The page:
by J Floor Anthoni (2005)
|Underwater photography is most successful when close to the subject but where does portrait photography become macro photography? An introduction with historical notes.|
|Some theory of optics to further your understanding. Macro lenses, extension tubes, teleconverters, close-up diopters. How to aim your camera.|
|Macro photography needs a lot of light and your lighting setup must be flexible to deliver it correctly. How to recognise problems and how to fix these.|
|Aquarium photography can be improved with a few tricks.|
There is no precise definition of where portrait photography ends and macro photography begins. Macro is the Greek word for large, and it is used for making subjects appear large. A practical way for defining macro photography is by the strength of the lens, or how nearby it can focus. In the old days, a minimum distance of one metre (one diopter) was considered enough, but most lenses will now go to 0.5 metre (2 diopter). Portrait photography ends at about one metre using a 100mm lens. If you want to go any closer, the lens must be mounted further from the camera by means of bellows or extension tubes. One can also make the lens stronger by placing closeup lenses of 1-4 diopters in front.
Modern zoom lenses and digital cameras can focus subjects very close to the lens and this has brought macro photography into the hands of many. The Nikonos RS 50mm macro lens was a technical feat for its time, being able to auto-focus down to 16.7cm (6 diopter range). Such lenses are formidable work-horses as they give such a wide range of enlargement.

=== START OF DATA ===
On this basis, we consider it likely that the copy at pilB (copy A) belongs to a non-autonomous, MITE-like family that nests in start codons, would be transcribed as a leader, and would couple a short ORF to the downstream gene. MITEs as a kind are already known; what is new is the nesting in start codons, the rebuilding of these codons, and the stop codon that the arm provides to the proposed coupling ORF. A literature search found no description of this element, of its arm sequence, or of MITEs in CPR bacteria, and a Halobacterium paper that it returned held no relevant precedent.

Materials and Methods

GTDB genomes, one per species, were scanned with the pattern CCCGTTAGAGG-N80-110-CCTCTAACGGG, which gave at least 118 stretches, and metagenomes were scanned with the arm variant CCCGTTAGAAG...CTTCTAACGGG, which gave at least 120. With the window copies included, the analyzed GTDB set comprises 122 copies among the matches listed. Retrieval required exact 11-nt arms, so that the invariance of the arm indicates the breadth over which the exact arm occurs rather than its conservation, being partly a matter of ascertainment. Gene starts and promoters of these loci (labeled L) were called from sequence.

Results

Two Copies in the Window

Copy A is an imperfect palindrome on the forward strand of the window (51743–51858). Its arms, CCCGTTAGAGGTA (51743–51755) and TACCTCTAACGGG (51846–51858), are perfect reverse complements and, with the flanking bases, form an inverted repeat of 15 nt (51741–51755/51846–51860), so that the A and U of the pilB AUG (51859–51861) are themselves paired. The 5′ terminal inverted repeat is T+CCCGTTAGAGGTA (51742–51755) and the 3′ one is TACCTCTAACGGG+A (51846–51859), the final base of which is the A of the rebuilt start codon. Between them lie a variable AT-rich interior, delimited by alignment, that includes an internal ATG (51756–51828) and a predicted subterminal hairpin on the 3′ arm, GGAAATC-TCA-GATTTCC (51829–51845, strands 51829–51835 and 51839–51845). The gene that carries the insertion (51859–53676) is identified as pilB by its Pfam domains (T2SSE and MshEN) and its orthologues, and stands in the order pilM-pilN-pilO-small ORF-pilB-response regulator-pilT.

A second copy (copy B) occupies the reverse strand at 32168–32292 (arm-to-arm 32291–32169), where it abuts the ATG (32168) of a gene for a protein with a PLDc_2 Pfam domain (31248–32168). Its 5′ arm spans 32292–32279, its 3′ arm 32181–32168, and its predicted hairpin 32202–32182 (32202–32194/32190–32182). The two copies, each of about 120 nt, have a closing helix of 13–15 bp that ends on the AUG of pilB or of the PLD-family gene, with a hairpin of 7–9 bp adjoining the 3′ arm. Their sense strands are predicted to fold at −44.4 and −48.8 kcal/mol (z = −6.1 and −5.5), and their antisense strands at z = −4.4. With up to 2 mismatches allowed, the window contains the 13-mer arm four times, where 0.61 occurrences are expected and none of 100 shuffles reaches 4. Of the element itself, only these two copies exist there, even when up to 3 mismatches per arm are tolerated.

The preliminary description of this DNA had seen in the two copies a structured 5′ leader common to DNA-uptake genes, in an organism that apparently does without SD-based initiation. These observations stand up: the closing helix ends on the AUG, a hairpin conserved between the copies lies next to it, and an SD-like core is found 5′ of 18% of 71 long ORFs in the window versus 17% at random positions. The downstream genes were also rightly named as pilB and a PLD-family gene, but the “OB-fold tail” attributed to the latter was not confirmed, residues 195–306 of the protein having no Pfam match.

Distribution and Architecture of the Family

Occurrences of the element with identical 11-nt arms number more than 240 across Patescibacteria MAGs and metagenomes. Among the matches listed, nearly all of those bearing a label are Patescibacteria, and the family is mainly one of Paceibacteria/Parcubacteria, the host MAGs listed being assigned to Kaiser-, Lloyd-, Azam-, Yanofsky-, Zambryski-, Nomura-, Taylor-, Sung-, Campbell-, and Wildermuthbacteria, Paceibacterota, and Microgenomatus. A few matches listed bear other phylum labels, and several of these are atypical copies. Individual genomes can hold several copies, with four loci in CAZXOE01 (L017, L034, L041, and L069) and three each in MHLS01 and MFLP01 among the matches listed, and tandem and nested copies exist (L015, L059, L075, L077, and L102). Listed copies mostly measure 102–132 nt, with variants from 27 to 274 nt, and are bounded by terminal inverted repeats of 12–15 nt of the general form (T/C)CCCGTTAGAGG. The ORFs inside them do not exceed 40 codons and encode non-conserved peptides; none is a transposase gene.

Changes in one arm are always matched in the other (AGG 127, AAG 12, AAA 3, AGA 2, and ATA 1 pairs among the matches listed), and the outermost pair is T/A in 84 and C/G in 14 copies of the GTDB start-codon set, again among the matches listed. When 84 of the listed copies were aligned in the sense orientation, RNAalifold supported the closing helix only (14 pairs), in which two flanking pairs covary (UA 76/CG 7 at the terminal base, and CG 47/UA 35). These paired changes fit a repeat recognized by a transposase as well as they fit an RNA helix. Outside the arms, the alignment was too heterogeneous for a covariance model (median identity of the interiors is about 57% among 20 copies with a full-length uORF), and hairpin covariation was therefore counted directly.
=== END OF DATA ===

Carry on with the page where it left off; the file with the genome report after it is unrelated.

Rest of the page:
One could also define macro photography as where mixed light photography ends and maximum strobe light begins.
Beginning underwater photographers often enter the arena with severely limited camera equipment and this is still very much the case today, even with digital cameras in underwater housings. The salesman never tells them what the camera won't do and what its limitations are under water.
One of the problems found with cameras with separate viewfinders or sportfinders is that of parallax. An obstacle could protrude in the line of sight without the photographer noticing, but this is but the least serious of problems.
Surely the biggest problems plaguing the underwater photographer is that the strobe light is difficult to control. It so happens that the intensity of the light diminishes quadratically with distance, which creates high uncertainty. So by taking photos at a fixed distance, with a fixed intensity of light is one of the ways to increase success. This makes fixed-distance macro photography an easy start for beginners, yielding colourful pictures that can be entered into competitions.